What you are talking about doesn't sound like a behavioral economics question. Behavioral economics would concern itself more with why a person wouldn't exploit a poorly constructed welfare system. What you are asking is perhaps more related to market failure and how non-excludability and non-rivalry lead to a rational person taking advantage of such a welfare system. I say the system has to be poorly designed, or else the desired effect of helping children would naturally be benefitted if having more children resulted in higher welfare, which would in term help parents to care for those additional children. The example you used was a result of people claiming dependents they did not have ("other people's children") and welfare was given to people who had no claim to it.
This is resolved by amending one or more aspects of the market failure of the public good, such as rivalry: having multiple agencies of the government provide this welfare and cutting the one that does a worse job, leading to a greater incentive for agencies to gather accurate data; or non-excludability: requiring more stringent measures for receiving said welfare, such as children's birth certificates, school report cards etc.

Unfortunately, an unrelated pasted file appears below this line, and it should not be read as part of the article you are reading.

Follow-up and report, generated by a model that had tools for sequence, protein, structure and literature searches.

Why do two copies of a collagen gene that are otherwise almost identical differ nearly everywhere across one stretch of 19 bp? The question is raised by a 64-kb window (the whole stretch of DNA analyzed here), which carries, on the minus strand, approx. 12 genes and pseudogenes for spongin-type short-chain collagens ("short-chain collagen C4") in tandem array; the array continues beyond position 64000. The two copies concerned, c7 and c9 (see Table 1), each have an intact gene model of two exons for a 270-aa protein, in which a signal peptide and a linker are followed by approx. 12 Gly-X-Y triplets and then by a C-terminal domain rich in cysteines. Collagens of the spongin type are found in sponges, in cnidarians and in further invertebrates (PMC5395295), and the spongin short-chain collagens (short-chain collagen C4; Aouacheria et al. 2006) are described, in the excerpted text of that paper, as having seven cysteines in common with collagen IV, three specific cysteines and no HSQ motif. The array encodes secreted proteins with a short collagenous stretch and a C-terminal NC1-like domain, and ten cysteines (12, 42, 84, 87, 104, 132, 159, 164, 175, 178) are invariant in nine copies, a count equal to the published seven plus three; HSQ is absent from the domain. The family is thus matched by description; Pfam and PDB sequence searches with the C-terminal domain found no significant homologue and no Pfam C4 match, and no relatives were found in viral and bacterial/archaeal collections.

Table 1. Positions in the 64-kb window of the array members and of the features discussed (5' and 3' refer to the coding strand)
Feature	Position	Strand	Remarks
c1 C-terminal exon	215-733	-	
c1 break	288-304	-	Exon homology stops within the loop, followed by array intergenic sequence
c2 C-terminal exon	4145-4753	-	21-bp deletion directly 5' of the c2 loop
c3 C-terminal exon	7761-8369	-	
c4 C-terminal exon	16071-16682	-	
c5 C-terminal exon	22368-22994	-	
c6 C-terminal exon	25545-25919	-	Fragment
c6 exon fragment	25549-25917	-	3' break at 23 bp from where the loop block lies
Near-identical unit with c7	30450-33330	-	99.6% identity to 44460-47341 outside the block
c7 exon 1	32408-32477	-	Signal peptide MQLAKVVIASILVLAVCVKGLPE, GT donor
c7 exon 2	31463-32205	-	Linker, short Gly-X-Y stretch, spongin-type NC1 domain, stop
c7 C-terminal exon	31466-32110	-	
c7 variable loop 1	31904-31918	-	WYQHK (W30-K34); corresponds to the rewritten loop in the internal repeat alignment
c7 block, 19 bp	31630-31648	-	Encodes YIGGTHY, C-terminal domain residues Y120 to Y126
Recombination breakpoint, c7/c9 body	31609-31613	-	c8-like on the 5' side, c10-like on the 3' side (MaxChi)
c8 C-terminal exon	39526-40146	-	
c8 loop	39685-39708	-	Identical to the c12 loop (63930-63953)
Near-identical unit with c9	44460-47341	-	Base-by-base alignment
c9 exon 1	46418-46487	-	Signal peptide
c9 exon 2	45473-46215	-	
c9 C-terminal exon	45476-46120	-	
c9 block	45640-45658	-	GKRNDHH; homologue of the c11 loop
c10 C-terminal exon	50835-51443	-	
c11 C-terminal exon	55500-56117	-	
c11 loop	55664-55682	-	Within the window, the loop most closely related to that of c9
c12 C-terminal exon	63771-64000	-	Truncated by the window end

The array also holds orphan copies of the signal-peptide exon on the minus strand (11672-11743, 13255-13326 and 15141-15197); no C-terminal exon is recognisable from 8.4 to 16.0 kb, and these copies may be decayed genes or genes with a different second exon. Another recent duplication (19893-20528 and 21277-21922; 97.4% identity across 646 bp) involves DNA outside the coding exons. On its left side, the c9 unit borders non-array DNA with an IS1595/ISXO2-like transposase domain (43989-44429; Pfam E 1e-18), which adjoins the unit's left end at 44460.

It is interesting as we see a possible route for amending this market failure, perhaps subsidizing school costs instead of a lump sum welfare for the parent, is already being addressed by our current school system, albeit in a poor way (providing education for a sizable portion of students future income in terms of school loans and resulting interest payments).
A weak mechanism will always be exploited in the view of economists as the exploiters are homo economicus, a perfectly rational and utility-maximizing being.